Local Health Officials Are Under Assault. They Want the Feds to Intervene.

Local health officials have faced an unprecedented level of vitriol during the coronavirus pandemic. Across the country, hundreds of health officials have left their posts in response to threats and harassment or been forced out by government leaders for failing to support misinformation. In places like Orange County, security details have had to be assigned to ensure health officers’ safety.

The National Association of County and City Health Officials (NACCHO) is now calling for increased protection for these public servants. In a letter to U.S. Attorney Gen. Merrick Garland, NACCHO asks that public health leaders and staff be included in the Department of Justice’s recent directive addressing the growing harassment, intimidation, and threats against school officials.

While the pandemic has brought greater appreciation by many to the importance of public health and the people who work in the field, too many health department leaders and their staff have experienced threats to their jobs, their safety, and their family members. These threats have come from community members, organized (and armed) anti-government militias, and politicians. As one of our members, Dr. Jennifer McKenney stated in her testimony before Congress on September 29, 2021: “Even though the virus is the enemy, their anger and frustration are often directed toward public health officials like me.”


These threats have taken a toll: at least 300 public health department leaders have left their posts since the pandemic began, impacting 20% of Americans. In many cases, they have been verbally abused and physically threatened. Their personal information has been shared, their families targeted, and their offices attacked. They have been politically scapegoated by some elected officials and either fired or forced to leave their positions for standing up for the health of their communities. Of note, many of these threats have included misogynistic and racist undertones, further violating these officials.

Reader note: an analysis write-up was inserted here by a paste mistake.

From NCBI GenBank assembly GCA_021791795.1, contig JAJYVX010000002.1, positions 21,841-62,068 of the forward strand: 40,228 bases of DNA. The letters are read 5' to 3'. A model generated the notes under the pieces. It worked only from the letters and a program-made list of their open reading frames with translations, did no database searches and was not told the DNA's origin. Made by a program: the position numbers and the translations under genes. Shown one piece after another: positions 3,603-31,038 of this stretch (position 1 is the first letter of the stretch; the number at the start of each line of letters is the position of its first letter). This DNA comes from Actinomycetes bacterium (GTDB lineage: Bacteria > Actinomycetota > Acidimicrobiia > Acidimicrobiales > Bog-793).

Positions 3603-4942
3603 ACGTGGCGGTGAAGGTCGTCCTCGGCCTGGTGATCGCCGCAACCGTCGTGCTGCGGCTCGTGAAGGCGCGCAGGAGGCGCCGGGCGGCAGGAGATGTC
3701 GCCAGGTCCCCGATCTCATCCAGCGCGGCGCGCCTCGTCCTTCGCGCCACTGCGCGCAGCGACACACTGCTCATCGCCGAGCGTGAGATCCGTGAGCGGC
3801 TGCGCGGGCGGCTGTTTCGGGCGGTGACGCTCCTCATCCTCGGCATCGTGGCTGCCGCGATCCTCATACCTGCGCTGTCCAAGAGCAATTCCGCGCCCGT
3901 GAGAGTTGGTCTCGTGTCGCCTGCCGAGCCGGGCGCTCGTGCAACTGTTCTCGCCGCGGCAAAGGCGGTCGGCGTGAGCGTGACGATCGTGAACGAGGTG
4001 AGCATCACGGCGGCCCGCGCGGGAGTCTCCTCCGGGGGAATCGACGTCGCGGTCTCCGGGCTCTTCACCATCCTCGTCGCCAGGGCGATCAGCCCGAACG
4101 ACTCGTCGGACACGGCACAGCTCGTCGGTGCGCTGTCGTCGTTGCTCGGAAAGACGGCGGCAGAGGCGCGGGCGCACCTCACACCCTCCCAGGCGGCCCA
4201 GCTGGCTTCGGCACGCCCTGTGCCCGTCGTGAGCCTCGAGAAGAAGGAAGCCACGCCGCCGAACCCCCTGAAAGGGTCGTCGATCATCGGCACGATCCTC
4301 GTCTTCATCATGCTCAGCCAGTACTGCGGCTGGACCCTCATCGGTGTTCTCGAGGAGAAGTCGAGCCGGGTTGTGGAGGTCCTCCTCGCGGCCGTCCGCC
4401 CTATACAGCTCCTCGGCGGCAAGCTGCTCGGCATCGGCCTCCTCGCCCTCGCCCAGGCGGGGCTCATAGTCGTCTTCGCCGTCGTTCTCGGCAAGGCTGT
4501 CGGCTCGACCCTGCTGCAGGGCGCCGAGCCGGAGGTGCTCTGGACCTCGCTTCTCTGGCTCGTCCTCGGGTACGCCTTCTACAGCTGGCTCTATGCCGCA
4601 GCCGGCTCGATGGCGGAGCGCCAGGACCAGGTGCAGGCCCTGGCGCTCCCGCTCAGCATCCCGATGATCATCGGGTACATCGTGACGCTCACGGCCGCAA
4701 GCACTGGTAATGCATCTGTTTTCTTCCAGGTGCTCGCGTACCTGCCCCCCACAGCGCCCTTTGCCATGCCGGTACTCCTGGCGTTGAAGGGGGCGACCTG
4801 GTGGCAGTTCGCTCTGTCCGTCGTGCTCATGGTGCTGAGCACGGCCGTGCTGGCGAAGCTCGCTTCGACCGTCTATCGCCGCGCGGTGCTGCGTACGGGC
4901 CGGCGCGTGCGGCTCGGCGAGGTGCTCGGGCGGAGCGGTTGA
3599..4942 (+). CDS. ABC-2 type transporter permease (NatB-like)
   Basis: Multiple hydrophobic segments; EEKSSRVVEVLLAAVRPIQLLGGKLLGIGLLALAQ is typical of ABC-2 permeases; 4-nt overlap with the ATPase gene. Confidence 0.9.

While threats to lower-level employees are harder to track, a recent study of the public health workforce by the Centers for Disease Control and Prevention this past spring found that about 26% of respondents experienced stigma or discrimination because of work, 24% felt bullied, threatened, or harassed because of work, and 12% received job-related threats because of work. Health department staff experiencing these types of threats and harassment were nearly twice as likely as their peers to have experienced post-traumatic stress disorder symptoms.

These threats and acts of violence against government workers in their professional capacity have profound impacts on these individuals and their families. Some have had to move to driving unmarked cars or adding at-home security cameras, others have had to rely on police escorts and round-theclock security, while others changed their children’s behavior worried about if they will be targeted instead. While these incidents have occurred over the course of the pandemic, they have been particularly acute around school-related public health directives. For example, in August, Kent County, Michigan’s health director was almost run off the road by an angry individual. Another received death threats.

NACCHO says, far too often, little is done to prosecute those who threaten health staff. The toxic environment is draining local governments of knowledgeable experts, which could impact their ability to respond to the next pandemic.

Read the entire letter here.